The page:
The house where Richard Kershner and Genie Palm live is much like the other Victorian-era homes that comprise the quaint and historic community of Cape May Court House. Built in 1905, it retains many original features including hardwood floors, plaster walls and a wood-burning fireplace. But Richard and Genie's house has two things that set it apart from neighboring properties: a charming two-story guest cottage and a magnificent garden.

The guest cottage had been gutted by a fire when Richard and Genie purchased the property 11 years ago. Genie's son, a builder, spent the better part of a year rebuilding it, and the cottage now features two bedrooms, a bathroom, a living room and a kitchen. It's currently rented out to an artist.

As for the garden, that was all Genie's doing. She took a barren section of back yard and converted it into an aquatic wonderland with a stream and waterfalls that feed into a large pond lined exotic perennials and teeming with goldfish and frogs.

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"I designed it to be something you might stumble upon when you come through the woods," Genie says.

The garden is entered through a gap in the high hedge that shields it from the street. A sign over the entrance reads "Genie's Enchanted Garden."

"It looks different depending on the time of year," Genie says. "Right now the Canna is in bloom and makes it look tropical. The red flowers attract hummingbirds and earlier in the season the butterfly bush has purple flowers and is so full of butterflies it looks like a butterfly tree."

There are tiger lilies and hibiscus all around the pond, which is lined with 60 tons of river rock. Behind the garden is a long raised planting bed where Richard tends to his vegetable plants.

Richard and Genie were familiar with the area before they bought the house in 2002. Richard grew up in Vineland before settling in King of Prussia, Pa. and Genie, a native of Reading, Pa., previously owned a property in nearby Holly Lake.

Location was a major factor in their choice. Cape May Court House, which is part of Middle Township, is about a 7-minute drive from the beaches of Stone Harbor and Avalon and 10 minutes from historic Cape May. From their house on Atlantic Avenue, it's a short walk to shops, restaurants, the library, a Wawa and, of the historic Cape May County Court House which was built in 1849. It's also just a block away from athletic fields that include the Middle Township High School football stadium.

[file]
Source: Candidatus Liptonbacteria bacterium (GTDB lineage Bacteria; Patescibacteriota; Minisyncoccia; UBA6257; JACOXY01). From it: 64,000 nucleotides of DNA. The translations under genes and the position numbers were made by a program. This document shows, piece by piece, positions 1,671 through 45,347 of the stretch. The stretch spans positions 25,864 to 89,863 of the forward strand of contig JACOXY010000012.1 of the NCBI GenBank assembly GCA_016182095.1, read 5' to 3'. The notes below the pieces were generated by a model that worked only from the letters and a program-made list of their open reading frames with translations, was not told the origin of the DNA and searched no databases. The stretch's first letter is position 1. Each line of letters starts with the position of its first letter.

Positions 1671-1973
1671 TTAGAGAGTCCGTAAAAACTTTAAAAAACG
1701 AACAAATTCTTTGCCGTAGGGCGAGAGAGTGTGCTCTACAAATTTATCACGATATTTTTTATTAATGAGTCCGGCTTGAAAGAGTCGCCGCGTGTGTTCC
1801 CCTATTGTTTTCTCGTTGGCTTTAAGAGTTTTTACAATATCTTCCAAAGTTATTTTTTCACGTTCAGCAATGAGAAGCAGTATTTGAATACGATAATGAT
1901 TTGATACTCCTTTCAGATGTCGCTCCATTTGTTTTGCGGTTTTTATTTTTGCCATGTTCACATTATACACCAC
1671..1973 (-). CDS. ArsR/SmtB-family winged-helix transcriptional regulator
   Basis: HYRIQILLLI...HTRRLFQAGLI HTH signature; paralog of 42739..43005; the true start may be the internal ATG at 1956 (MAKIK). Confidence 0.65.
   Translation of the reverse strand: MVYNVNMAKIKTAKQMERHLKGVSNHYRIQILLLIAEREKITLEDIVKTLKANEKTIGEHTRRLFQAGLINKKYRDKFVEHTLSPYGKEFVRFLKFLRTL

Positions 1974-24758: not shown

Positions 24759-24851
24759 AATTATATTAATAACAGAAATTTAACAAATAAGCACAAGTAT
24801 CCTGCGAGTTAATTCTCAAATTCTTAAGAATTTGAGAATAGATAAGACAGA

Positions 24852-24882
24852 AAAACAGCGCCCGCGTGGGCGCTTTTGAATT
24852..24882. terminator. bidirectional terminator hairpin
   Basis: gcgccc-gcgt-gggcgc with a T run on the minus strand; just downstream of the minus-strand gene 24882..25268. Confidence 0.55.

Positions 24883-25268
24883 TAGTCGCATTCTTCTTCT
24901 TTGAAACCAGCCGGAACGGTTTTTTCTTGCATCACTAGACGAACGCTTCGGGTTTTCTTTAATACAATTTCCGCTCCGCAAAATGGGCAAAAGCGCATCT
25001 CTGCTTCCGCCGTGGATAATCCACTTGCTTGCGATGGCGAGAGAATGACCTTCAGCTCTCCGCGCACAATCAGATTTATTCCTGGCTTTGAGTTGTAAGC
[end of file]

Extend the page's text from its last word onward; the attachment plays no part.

The 4-bedroom 1½ -bath main house has its original floor plan, with a kitchen and formal living and dining rooms on the first floor and four bedrooms and a bathroom on the second floor.

The house is entered through a small Victorian style anteroom. The living room features a working wood-burning fireplace framed by a brick chimney. The dining room, which Richard and Genie use as a library, has as narrow stairway that winds its way to the second floor. An enclosed porch off the updated galley kitchen serves as a breakfast room and opens to a back deck that extends over the pond.

The house also has a full unfinished basement and a walk-up attic that is accessed from a second floor bedroom. It has replacement windows and updated electric service and is heated by natural gas/hot water radiators.

Richard and Genie, whose children are grown, plan to stay in or near Cape May Court House after they sell the house. But they're looking to downsize, possibly to a 55-and-over community.

"We'd like to do some traveling, spend some time in Florida, maybe take a trip down the Rhine River," Genie says. "I have a son in New Mexico and family in Pennsylvania and Florida. They used to come and visit more and now they don't as much."

An open house at this property, which is listed for $259,000, will be held Saturday, Oct. 12, from 10 a.m. to 2 p.m. For more information call Suzanne Cafiero of Century 21 Alliance, 609-522-1212, or direct at 609-231-9347.

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